The Times West Virginian

Bob Herzel

January 18, 2013

HERTZEL COLUMN: Huggins frustrated with inconsistency

MORGANTOWN — There is going to come a day when Bob Huggins will back on this season as one of his finest coaching jobs.

It won’t come soon, for he is too close to it now, too involved, his emotions too entangled with the wins and the losses of his West Virginia University basketball team rather than what he had gone through to try and piece together a winner out of a team that just didn’t fit together, a team that won half of its first 16 games.

It was a team without a star, team without a go-to player, a team that couldn’t shoot straight, a team that really lacked the kind of chemistry necessary to endure tough times.

Yet this 8-8 team was just 10 points from being a 12-4 team, just three points in consecutive Big 12 losses from being 3-1 instead of 1-3 for it had managed to drop a 65-64 home game to Kansas State on a foul that was called against it and a 69-67 road game at Iowa State when a similar foul was overlooked.

This inconsistency in the officiating matched, if not topped, the inconsistency in the play of his team, and if there is any one thing a coach cannot handle it is inconsistency it leaves him with no right moves and no wrong moves, only guesses as to how a game will play out no matter what he does.

The inconsistency on his own team it is up to him to take care of, but what you do make of inconsistency in officiating?

In the Kansas State game, a one-point loss in which Shane Southwell sank a pair of free throws with 21.4 seconds left to win the game, Huggins had no problem with the call.

But when, in the closing seconds just after Iowa State had snatched the lead when WVU’s defense broke down at an inopportune moment, Eron Harris was trying to get the ball into position for a last-season shot, something he’s become pretty good at, only to be bumped and knocked to the floor.

Expecting a shrill whistle to quiet the riotous Iowa State crowd was useless for the officials were not about to do any tooting in that situation.

“I just can’t believe that we come off a home (game) where a guy gets bumped and falls down and it’s a foul, and there’s no question there’s a bump (on Harris) and he falls down and there’s no call,” Huggins would say in the aftermath.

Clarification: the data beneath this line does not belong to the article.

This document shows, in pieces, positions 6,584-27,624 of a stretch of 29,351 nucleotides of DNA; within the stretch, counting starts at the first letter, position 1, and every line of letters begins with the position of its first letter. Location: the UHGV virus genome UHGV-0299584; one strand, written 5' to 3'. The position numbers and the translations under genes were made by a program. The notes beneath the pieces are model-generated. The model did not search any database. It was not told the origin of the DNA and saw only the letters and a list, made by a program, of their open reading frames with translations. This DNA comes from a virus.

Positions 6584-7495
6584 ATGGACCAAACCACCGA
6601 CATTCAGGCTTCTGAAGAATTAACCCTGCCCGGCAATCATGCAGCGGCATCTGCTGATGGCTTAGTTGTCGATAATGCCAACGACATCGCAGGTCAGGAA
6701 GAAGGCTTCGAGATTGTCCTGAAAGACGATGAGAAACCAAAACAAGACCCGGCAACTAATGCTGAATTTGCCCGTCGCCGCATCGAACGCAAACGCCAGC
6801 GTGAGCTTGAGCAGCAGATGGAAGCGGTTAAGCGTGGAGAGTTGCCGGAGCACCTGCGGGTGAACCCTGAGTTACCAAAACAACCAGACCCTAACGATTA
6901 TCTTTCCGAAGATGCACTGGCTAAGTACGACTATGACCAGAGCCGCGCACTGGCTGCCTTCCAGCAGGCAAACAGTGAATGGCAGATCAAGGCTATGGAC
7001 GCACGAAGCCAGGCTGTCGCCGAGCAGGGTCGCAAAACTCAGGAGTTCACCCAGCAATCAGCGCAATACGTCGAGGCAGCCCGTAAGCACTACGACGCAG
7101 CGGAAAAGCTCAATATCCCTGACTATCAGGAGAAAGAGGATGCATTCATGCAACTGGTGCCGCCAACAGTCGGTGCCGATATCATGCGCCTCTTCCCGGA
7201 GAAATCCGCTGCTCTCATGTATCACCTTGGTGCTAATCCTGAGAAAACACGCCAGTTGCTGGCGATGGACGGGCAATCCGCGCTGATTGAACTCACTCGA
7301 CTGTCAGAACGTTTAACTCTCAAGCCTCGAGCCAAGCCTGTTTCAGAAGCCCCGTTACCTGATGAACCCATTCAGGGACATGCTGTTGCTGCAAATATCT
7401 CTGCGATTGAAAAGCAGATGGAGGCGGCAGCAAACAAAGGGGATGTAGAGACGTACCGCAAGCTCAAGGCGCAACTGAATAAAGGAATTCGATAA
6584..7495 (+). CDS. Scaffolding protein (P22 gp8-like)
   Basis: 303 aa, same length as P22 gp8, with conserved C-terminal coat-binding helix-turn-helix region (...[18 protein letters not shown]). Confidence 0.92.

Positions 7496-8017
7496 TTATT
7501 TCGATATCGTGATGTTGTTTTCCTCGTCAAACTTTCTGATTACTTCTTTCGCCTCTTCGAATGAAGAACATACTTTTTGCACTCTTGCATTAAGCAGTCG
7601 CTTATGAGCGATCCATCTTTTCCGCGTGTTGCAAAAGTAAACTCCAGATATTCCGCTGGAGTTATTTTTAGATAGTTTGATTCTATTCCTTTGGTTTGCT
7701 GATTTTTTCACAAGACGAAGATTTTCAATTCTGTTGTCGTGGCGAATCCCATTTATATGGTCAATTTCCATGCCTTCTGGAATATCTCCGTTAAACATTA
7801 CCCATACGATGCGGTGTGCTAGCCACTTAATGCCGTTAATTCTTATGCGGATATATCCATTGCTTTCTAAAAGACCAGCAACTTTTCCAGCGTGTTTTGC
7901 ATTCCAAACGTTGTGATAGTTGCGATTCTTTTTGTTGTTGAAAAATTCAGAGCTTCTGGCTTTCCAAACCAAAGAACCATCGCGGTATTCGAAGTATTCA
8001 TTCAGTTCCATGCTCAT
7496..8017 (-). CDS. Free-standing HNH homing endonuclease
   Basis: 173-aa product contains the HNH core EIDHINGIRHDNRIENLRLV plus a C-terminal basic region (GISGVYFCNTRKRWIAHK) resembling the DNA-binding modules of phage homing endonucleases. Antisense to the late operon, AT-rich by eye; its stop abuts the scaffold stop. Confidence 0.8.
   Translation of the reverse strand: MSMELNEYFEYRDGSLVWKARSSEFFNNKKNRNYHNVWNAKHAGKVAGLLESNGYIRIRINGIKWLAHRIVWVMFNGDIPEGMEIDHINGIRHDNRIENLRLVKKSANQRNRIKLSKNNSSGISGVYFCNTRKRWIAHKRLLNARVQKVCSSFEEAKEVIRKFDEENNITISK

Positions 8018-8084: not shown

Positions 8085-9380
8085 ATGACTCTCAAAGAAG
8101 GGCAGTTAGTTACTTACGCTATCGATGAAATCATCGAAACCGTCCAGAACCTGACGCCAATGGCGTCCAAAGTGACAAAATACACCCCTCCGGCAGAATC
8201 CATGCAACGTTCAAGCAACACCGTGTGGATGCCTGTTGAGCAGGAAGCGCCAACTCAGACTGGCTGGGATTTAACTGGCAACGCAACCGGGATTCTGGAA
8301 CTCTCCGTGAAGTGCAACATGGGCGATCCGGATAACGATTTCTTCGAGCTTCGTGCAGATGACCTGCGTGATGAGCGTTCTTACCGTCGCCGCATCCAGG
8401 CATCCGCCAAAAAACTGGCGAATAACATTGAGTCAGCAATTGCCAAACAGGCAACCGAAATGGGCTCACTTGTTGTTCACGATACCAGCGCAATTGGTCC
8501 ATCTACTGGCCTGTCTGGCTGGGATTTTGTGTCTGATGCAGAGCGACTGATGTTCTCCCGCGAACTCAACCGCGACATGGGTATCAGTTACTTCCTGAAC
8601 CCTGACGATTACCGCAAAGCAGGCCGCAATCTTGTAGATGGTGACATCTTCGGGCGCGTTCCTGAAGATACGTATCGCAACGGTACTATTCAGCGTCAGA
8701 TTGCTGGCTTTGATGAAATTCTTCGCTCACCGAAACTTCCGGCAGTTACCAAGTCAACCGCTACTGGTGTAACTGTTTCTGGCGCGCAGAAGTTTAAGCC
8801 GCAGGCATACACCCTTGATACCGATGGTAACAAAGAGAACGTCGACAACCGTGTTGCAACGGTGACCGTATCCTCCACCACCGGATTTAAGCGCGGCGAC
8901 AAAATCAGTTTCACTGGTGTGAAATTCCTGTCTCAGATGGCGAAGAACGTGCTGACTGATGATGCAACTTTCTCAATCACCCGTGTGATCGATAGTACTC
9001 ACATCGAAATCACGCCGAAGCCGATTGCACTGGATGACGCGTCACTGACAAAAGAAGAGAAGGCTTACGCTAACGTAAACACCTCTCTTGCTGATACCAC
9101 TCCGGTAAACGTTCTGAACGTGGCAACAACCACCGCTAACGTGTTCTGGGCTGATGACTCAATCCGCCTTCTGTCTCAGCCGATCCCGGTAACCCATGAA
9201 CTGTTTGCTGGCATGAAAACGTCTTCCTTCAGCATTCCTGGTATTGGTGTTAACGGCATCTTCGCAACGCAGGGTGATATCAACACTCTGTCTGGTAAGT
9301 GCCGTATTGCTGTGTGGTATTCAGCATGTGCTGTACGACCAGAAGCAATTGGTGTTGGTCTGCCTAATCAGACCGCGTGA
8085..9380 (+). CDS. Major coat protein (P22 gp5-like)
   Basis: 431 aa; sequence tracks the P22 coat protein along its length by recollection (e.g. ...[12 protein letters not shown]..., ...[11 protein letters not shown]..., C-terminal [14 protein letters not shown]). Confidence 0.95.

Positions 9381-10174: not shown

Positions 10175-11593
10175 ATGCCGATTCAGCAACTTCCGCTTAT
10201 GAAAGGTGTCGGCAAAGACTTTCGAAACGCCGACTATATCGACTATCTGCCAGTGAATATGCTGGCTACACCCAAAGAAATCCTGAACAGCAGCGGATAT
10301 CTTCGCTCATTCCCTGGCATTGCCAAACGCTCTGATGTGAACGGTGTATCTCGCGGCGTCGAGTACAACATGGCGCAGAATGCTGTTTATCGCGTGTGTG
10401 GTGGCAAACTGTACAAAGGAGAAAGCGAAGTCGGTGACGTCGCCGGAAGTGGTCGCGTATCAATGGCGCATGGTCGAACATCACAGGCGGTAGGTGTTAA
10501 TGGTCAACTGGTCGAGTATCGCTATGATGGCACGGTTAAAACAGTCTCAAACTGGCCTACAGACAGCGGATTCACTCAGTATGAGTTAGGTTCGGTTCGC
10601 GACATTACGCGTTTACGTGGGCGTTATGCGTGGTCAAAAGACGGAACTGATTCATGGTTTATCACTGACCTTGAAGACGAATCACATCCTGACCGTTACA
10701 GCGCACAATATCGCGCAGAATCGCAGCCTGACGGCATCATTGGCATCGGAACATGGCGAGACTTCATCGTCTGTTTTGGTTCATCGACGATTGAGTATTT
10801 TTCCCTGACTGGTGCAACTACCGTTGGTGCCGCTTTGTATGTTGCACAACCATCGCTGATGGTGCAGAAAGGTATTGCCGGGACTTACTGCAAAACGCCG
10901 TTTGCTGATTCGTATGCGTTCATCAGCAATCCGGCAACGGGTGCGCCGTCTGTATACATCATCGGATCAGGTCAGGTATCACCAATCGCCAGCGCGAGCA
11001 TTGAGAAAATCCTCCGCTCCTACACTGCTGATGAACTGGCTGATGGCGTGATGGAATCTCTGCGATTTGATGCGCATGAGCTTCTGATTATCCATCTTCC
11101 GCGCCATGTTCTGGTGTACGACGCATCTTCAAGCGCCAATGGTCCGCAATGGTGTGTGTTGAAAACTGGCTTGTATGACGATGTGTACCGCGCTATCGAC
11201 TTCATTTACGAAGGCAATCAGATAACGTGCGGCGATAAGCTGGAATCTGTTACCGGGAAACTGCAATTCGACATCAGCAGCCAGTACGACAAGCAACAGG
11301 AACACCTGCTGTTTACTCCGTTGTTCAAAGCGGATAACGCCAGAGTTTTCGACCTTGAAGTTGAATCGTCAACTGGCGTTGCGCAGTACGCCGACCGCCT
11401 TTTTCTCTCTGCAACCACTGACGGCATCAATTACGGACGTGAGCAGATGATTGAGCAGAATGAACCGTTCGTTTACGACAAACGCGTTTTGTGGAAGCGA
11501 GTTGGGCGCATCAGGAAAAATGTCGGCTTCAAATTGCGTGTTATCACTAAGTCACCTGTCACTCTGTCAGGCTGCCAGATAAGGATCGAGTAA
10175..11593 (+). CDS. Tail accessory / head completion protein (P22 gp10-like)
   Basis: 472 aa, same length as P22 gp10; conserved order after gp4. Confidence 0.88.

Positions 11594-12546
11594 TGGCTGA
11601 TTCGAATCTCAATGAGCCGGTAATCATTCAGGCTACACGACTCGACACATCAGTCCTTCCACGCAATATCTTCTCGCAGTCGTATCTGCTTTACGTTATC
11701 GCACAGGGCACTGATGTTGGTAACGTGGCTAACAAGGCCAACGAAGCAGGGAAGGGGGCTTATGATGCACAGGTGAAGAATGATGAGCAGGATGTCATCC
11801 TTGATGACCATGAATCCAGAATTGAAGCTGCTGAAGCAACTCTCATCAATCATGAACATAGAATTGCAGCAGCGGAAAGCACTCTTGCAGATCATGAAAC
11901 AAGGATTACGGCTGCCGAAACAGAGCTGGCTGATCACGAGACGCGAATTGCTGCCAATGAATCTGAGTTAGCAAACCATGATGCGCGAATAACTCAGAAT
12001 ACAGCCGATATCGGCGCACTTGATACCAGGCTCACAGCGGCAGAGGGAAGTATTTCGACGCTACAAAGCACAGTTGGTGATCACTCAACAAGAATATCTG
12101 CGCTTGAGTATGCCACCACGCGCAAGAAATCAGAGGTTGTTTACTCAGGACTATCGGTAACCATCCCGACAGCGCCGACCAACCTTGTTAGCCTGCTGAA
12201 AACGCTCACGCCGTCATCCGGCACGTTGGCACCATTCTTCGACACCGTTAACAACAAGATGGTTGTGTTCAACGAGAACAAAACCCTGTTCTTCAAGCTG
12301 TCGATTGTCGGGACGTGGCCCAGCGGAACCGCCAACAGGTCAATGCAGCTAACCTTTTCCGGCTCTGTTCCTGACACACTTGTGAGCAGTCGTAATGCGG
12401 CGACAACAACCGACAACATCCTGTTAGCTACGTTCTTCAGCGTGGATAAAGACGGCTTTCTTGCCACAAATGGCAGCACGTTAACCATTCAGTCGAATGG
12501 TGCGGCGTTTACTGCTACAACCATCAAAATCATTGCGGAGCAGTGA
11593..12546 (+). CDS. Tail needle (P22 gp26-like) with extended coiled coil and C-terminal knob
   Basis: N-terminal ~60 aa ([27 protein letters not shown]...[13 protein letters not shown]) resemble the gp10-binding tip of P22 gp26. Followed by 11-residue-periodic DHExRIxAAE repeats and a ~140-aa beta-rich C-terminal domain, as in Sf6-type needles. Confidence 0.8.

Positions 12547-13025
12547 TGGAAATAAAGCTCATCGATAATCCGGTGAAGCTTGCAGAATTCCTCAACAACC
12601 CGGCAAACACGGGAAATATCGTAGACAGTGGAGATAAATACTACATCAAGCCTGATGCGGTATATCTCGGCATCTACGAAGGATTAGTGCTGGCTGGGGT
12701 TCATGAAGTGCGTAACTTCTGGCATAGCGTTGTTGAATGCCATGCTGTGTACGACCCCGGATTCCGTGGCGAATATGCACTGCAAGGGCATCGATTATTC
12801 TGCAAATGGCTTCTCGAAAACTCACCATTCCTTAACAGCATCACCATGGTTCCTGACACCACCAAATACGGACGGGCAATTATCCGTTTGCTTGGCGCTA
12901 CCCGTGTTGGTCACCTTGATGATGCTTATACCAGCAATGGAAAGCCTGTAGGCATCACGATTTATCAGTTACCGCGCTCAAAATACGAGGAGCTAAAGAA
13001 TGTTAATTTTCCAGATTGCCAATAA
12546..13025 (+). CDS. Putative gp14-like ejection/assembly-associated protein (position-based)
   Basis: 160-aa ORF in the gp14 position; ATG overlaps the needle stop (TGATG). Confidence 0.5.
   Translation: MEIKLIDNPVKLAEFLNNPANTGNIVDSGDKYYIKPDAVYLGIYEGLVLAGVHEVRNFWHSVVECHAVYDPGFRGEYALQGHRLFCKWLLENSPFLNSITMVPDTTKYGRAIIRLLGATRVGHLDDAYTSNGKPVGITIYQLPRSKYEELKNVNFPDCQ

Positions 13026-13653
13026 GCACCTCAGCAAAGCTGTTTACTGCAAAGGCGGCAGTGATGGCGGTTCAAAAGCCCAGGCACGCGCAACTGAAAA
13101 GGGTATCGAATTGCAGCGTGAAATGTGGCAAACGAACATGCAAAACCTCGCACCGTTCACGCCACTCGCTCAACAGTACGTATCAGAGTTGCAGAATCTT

“I don’t care what they call. It just has to be consistent throughout the league.”

Huggins, of course, has been around long enough to know that you are not going to get that kind consistency from officials, not in the Big 12 or Big East, not any more than he has been able to get it out of his players.

That is what has made this coaching job so challenging, so demanding and so frustrating, for Huggins has had to treat each game as an individual entity, and no matter what his plan was going in, he had to change of the fly to adjust to who was capable of doing what.

The Iowa State game was a perfect example, a game in which he fell 18 points behind, a game in which he was without the one guard who looked like he might be a consistent scorer for him, then lost the guard that gave his team energy in Gary Browne.

He tried to do what he could with the team he had, to get something out of his big men, but once again they could not deliver, and finally had to make some desperation moves, re-discovering Matt Humphrey in the shadows of basketball purgatory and getting him into the mix.

When no one else could score, Humphrey did. It helped light up Harris for a magnificent run of long-range 3s that allowed WVU to outscore Iowa State 31-13 down the stretch to darn near pull out the game.

Again, this shuffling, experimenting turned on lights for Huggins, showed him not only what his best chance to win this game was, but why, and that it probably was the right direction to take through the rest of the season.

“The truth of the matter is the team was built to play in the Big East where you got big, physical people,” Huggins said. “This is not a big, physical league by any stretch of the imagination. Everyone is playing smaller, quicker guys.

“We’re going to have to have to go small and take our chances because playing with those big guys hasn’t worked. It just has not worked.”

Deniz Kilicli, Aaric Murray and Dominique Rutledge haven’t been able to do what was asked of them.

“We started the year and we were going to hard hedge, and they didn’t do that. So we said we were going to push up and they didn’t do that. Then we said we were going to double and they didn’t do that. Then we said we were going to push to the baseline and they didn’t do that,” Huggins said.

“We’re going to switch everything. We’re going to play one big and switch everything. We’ll get one of those bigs who will slide his feet and stay in front of somebody. We’re really small, but we’ll front everything like we did today.”

Huggins admitted that he just couldn’t watch it any longer.

“I’m done. They’ve had every chance conceivable,” he said. “We don’t have a choice, particularly the way the game is being called. It’s not an indictment on anyone. It’s just the way the game is being called.

“It’s not advantageous to have a post guy, so we need to go small and really work hard on penetrating and pitching.”

Email Bob Hertzel at bhertzel@hotmail.com or follow him on Twitter @bhertzel.

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